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Iron Adequacy During Pregnancy

Snow, Denise, JD, CNM, NP, RN

MCN: The American Journal of Maternal/Child Nursing: May/June 2018 - Volume 43 - Issue 3 - p 173
doi: 10.1097/NMC.0000000000000425
ONGOING COLUMNS: Nutrition for the Family

Evaluation of adequate iron intake is an important aspect of prenatal care. Our nutrition expert, Denise Snow, explains how to help pregnant women make sure they are getting enough iron during their pregnancy.

Denise Snow is a clinical associate professor in the School of Nursing at the State University of New York at Stony Brook, Stony Brook, NY, and a healthcare law attorney in private practice. She can be reached via e-mail at denise.snow@stonybrook.edu

The author declares no conflicts of interest.

Evaluation of adequate iron intake is an important aspect of prenatal care. Iron is an essential component of hemoglobin. Maternal increases in red blood cell production lead to increases in plasma volume and red cell mass. As a result (in addition to needs of the fetus and placenta), the need for iron is increased during pregnancy. Not meeting this need can lead to iron deficiency anemia (IDA), which can in turn increase risk of complications, including premature and low birthweight infants, low iron stores in the infant, impaired cognitive and behavioral development (National Institutes of Health [NIH], n.d.). Knowledge gained by the mother during pregnancy may confer a lasting benefit on the family's nutritional needs. However, there is confusing and conflicting information about iron absorption and dietary iron sources.

There are two sources of dietary iron, heme and non-heme; each with different bioavailability and are unequally influenced by iron absorption enhancers or inhibitors. Heme iron has the greater bioavailability and is less influenced by other foods. Foods highest in heme iron include lean meat and seafood. Non-heme iron is the form of iron found in plants and iron-fortified foods. Meat, seafood, and poultry contain both heme and non-heme iron. Good sources of non-heme iron include fortified cereals, dark chocolate, tofu, cashews, white beans, chick peas, lentils, and vegetables such as spinach, potatoes, and canned tomatoes. Ascorbic acid (Vitamin C) enhances absorption of non-heme iron, as does meat, seafood, and poultry, whereas some polyphenols found in spinach, cereal and legumes and phytates found in grains and beans inhibit bioavailability. Calcium may reduce bioavailability of both heme and non-heme iron. Milk and cheese contain no iron.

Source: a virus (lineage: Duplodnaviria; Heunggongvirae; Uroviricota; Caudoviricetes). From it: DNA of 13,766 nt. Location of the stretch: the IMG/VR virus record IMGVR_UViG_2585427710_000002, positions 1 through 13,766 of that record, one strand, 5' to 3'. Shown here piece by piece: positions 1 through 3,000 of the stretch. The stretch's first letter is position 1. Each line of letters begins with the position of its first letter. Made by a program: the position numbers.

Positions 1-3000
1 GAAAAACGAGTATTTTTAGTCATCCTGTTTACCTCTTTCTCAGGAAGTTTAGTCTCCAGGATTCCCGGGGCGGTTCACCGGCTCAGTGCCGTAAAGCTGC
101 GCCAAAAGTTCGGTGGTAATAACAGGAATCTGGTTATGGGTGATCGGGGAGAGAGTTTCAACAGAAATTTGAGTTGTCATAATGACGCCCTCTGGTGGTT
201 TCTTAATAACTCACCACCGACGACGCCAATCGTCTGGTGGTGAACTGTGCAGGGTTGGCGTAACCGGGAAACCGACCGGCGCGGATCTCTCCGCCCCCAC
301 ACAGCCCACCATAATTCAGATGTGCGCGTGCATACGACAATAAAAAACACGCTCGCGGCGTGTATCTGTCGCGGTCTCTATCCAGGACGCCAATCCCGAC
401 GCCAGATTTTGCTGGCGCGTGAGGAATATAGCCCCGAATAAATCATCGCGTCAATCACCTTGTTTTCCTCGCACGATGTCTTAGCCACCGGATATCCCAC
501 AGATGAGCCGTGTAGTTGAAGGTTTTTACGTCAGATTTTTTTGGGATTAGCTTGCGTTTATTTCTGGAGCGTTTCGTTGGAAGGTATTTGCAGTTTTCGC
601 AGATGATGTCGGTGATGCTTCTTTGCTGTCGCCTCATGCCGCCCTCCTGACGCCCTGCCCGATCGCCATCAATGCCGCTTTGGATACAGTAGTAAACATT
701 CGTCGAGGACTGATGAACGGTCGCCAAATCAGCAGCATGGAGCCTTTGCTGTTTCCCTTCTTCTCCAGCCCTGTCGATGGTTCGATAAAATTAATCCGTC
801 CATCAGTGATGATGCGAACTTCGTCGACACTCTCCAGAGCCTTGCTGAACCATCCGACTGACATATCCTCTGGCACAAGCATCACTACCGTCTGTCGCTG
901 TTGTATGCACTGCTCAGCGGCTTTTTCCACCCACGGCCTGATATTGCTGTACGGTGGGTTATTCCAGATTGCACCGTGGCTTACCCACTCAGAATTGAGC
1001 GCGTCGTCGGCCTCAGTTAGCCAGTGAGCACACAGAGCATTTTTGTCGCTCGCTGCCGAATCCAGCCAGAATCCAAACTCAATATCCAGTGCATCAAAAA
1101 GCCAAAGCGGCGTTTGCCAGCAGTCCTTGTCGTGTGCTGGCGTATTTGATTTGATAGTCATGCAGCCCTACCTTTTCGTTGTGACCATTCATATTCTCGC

Recommended Dietary Allowances of iron during pregnancy is 27 mg (slightly higher for vegetarians) (NIH, n.d.). A dietary review for adequate iron intake may seem to be straightforward because iron is an aspect of the Food and Drug Administration (FDA) that requires “nutritional facts” labeling. However, daily value (DV) listed on labels is based on the FDA's recommendation of 18 mg, thus making the percentage difficult to calculate for daily adequacy. The FDA has issued a new, more useful labeling rule that will state the actual amount of iron in milligrams; however, it does not go into effect until 2020 or beyond. Some fast food restaurants offer information on iron content, for example, McDonalds lists iron in both DV and in milligrams.

Insufficient iron intake during pregnancy increases likelihood of women developing IDA, so when and should the clinician recommend supplementation? Guidelines vary: Some experts recommend treating IDA (hematocrit less than 33% before 28 weeks; 32% thereafter) with iron supplementation in addition to prenatal vitamin. Others recommend low-dose iron supplement for all women and the United States Preventive Services Task Force states there is insufficient evidence for either routine screening for IDA or supplementation (NIH, n.d.).

If the clinician determines the woman needs supplementation, the next step is choosing the type and amount of supplementation. Iron supplements come in many forms. Prescription prenatal multivitamins can contain anywhere from 18 to 50 mg of iron. Most, but not all, contain calcium, which can interfere with absorption. Higher iron content multivitamins may also contain a stool softener. Over-the-counter prenatal vitamins generally contain 18 mg of iron; gummy prenatal vitamins contain no iron. The most common iron supplements are in the form of ferrous salts such as ferrous sulfate, ferrous gluconate, and ferrous fumarate and each has a different percentage of elemental iron (the amount that will be absorbed). One iron supplement that advertises as being “gradually absorbed with less side effects” contains carbonyl iron. However, this preparation contains lactose—an inappropriate choice for vegan patients. Doses higher than 45 mg of elemental iron may cause nausea or constipation (NIH, n.d.). Some patients may tolerate one iron preparation better than another.

Evaluating iron intake may be a challenge but ensuring iron adequacy is a critical aspect of quality prenatal care. Knowing about dietary iron absorption and individualizing iron supplementation is key.

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Reference

National Institutes of Health. (n.d.). Office of Dietary Supplements. Strengthening knowledge and understanding of dietary supplements (Dietary Supplement Fact Sheet: Iron). Retrieved from https://ods.od.nih.gov/factsheets/Iron-HealthProfessional/
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